What Is Flood Insurance

The standard homeowners’ insurance covers some damage from rain, but if your home is filled with water as a result of rising bodies of lakes, rivers, streams, and oceans, you are in big trouble.

The most common flood insurance is through the National Flood Insurance Program (NFIP) and it provides two options.

You can choose to purchase either, or both, of the following:

Coverage to your actual home up to $250,000
Coverage for your personal property up to $100,000

You also have the option of excess flood coverage if your building property value is higher than $250,000.

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Am I Required To Have Flood Insurance?

Congress has mandated federally regulated or insured lenders to require flood insurance on mortgaged properties that are located in areas at high risk of flooding. But even if your property is not in a high risk flood area, your mortgage lender may still require you to have flood insurance.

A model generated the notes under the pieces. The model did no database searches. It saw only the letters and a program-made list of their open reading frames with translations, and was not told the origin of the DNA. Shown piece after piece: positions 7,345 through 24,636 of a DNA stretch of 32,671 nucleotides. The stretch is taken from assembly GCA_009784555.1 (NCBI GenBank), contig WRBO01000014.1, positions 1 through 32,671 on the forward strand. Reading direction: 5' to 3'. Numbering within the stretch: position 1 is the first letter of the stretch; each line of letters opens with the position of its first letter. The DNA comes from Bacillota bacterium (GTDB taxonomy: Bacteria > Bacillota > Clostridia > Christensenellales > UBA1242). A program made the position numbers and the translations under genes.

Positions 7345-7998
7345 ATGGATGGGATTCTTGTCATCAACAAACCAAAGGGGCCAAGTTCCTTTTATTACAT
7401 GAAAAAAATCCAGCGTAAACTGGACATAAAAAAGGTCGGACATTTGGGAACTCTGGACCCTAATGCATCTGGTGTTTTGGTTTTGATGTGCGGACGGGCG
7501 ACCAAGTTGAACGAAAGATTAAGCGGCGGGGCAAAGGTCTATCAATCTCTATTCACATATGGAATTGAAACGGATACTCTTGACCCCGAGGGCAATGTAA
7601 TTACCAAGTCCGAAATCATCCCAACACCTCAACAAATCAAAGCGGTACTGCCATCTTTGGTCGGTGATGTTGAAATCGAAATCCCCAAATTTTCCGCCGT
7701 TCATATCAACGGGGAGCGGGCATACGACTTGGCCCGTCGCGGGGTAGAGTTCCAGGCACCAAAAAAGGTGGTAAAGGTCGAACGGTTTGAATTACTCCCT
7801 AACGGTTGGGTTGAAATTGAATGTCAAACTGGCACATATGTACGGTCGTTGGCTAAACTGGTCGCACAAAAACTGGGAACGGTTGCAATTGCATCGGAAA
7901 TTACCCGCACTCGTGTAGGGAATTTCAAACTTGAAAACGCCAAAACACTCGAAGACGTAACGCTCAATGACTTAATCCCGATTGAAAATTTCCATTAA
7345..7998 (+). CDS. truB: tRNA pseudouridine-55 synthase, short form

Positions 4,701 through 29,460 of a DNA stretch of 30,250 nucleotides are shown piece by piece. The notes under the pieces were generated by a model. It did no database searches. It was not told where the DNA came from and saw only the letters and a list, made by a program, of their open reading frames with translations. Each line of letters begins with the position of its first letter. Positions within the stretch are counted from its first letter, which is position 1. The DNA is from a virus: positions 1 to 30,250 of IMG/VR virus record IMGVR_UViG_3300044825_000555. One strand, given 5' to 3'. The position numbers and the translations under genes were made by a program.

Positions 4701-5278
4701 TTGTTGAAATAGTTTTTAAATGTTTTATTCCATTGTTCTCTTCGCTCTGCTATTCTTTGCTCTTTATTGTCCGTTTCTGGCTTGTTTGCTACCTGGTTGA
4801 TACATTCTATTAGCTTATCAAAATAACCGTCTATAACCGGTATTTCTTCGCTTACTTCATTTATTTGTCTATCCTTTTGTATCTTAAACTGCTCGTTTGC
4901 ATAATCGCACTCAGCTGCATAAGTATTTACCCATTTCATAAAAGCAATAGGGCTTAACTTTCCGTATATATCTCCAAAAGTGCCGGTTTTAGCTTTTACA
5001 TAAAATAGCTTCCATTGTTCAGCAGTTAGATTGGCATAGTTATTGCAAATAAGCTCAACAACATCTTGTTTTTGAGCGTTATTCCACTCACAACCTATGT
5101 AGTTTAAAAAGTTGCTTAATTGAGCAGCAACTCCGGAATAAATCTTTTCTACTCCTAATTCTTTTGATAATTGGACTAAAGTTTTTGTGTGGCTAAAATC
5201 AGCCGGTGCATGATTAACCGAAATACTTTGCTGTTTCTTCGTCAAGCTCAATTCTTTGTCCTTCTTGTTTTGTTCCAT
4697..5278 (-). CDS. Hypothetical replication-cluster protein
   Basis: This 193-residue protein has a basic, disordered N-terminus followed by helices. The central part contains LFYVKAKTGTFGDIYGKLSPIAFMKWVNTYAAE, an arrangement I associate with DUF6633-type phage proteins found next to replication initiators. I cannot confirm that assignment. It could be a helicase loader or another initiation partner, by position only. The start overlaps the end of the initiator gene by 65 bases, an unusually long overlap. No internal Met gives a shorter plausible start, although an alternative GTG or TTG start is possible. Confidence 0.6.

Coverage to your home includes:

The cost to rebuild, or
The actual value of your home
Window blinds
Debris removal
Electrical and plumbing systems
Kitchen appliances (refrigerator, stove, built-ins)
HVAC equipment (air conditioning, furnaces, water heaters)
Permanently installed carpeting over an unfinished floor
Permanently installed paneling, bookcases, and cabinets
Detached garages (limited to 10% of your home policy)

personal property includes:

Window AC units
Clothing, furniture, and electronic equipment
Portable microwaves and dishwashers
Carpets not covered by your building policy
Your freezer and frozen food
Up to $2,500 in valuables, such as art and furs

what isn't covered?

Items that belong in a bank or safe deposit box
Precious metals
Stock certificates
Bearer bonds
Septic systems
Hot tubs
Swimming pools
Boat houses
Retaining walls
Storm shelters
Temporary housing and other living expenses
Loss of income
Post-flood mold damage
Sewer backups

There’s a Limit to How Often You Can Collect

If you make four or more flood claims for more than $5,000 each, or two claims that, added together, cost more than your home, NFIP will “offer” you a grant to make your home less vulnerable to floods. If you refuse to take the grant money and make the improvements, your policy payments will probably increase substantially.

If a Flood Severely Damages Your Home

NFIP may give you $30,000 to use to raise, tear down, or move your home. That $30,000 gets added on to any other claim NFIP pays you. But the total still can’t go above $250,000.